Brivaracetam: A rational drug discovery success story

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46 Scopus citations


Levetiracetam, the α-ethyl analogue of the nootropic piracetam, is a widely used antiepileptic drug (AED) that provides protection against partial seizures and is also effective in the treatment of primary generalized seizure syndromes including juvenile myoclonic epilepsy. Levetiracetam was discovered in 1992 through screening in audiogenic seizure susceptible mice and, 3 years later, was reported to exhibit saturable, stereospecific binding in brain to a ∼90 kDa protein, later identified as the ubiquitous synaptic vesicle glycoprotein SV2A. A large-scale screening effort to optimize binding affinity identified the 4-n-propyl analogue, brivaracetam, as having greater potency and a broadened spectrum of activity in animal seizure models. Recent phase II clinical trials demonstrating that brivaracetam is efficacious and well tolerated in the treatment of partial onset seizures have validated the strategy of the discovery programme. Brivaracetam is among the first clinically effective AEDs to be discovered by optimization of pharmacodynamic activity at a molecular target.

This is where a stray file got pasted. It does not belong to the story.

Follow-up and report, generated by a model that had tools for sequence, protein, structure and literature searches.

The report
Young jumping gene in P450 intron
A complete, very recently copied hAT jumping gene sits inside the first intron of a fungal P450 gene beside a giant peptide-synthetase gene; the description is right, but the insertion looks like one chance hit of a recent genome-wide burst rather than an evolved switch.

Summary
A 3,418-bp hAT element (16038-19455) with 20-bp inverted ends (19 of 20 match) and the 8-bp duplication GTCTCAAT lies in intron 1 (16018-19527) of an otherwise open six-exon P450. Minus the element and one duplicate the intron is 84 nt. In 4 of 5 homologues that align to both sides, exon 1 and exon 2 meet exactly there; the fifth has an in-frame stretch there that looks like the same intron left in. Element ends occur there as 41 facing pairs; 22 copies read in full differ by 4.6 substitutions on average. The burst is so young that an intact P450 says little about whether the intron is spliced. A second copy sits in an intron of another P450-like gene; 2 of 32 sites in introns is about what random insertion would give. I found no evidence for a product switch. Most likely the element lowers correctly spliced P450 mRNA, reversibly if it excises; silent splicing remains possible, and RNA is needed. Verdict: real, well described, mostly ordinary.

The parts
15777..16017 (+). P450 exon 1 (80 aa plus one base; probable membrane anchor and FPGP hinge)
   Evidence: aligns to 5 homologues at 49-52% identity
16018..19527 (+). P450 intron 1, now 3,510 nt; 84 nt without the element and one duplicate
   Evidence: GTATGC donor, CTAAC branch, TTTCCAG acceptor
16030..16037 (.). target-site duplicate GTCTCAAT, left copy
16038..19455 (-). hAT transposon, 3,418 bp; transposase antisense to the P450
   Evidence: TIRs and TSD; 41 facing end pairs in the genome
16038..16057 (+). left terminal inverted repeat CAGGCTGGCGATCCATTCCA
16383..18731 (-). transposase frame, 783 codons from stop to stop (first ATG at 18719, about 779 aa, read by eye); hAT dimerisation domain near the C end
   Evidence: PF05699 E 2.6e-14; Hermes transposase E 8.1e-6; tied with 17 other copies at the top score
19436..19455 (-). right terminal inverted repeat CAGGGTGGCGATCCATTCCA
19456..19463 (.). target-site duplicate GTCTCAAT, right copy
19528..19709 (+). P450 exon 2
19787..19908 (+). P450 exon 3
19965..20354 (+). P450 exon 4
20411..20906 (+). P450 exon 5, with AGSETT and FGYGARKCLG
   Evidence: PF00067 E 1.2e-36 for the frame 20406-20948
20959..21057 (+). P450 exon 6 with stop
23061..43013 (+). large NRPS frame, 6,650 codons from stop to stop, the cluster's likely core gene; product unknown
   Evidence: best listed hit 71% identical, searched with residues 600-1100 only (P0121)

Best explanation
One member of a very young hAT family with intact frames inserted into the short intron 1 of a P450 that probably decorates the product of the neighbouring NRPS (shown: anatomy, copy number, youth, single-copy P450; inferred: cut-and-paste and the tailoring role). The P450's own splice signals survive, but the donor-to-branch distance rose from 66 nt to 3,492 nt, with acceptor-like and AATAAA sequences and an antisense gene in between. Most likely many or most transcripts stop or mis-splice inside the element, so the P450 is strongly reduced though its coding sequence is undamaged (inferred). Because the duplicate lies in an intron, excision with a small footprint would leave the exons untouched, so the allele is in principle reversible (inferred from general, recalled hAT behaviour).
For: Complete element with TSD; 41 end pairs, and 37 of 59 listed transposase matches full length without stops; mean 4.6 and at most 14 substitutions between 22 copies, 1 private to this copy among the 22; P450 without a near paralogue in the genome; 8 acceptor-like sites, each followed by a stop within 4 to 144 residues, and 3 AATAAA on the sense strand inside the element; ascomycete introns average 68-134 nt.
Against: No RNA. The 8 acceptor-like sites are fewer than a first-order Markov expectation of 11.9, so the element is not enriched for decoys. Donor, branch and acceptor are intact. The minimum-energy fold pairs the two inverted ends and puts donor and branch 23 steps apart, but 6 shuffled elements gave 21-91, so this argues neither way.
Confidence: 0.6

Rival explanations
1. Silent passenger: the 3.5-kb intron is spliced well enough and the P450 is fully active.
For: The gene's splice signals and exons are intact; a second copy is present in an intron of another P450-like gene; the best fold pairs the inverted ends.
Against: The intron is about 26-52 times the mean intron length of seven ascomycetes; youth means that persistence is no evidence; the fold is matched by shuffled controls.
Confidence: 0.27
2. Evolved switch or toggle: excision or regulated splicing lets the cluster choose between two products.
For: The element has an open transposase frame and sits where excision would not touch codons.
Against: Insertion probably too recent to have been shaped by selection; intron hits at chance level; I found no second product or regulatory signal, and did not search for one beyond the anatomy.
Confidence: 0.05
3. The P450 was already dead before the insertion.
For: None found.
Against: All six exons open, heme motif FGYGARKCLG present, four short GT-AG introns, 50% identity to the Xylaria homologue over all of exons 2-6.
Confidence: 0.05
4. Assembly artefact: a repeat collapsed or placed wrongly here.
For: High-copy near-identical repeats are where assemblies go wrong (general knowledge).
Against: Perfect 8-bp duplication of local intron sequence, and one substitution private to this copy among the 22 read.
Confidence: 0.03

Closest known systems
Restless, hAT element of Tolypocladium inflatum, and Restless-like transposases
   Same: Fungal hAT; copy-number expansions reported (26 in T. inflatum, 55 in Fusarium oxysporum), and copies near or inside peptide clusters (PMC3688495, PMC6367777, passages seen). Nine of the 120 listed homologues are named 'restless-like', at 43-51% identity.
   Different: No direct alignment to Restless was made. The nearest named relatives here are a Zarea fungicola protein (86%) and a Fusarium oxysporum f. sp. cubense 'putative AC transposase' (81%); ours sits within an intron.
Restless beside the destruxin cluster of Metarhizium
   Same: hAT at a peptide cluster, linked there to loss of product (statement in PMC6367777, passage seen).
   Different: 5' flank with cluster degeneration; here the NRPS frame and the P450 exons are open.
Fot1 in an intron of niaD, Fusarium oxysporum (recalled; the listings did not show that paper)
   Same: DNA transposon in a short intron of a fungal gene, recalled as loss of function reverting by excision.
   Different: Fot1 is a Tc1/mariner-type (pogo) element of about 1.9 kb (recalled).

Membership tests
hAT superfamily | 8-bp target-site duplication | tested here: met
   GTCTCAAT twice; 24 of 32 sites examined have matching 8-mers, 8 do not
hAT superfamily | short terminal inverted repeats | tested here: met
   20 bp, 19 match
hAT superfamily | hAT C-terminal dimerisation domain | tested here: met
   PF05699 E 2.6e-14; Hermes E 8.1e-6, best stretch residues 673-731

Original languageEnglish (US)
Pages (from-to)1555-1557
Number of pages3
JournalBritish Journal of Pharmacology
Issue number8
StatePublished - Aug 26 2008


  • λ-butyrolactam
  • Antiepileptic drug
  • Audiogenic seizures
  • Brivaracetam
  • Kindling
  • Levetiractam
  • Piracetam
  • Rational drug discovery
  • SV2A

ASJC Scopus subject areas

  • Pharmacology


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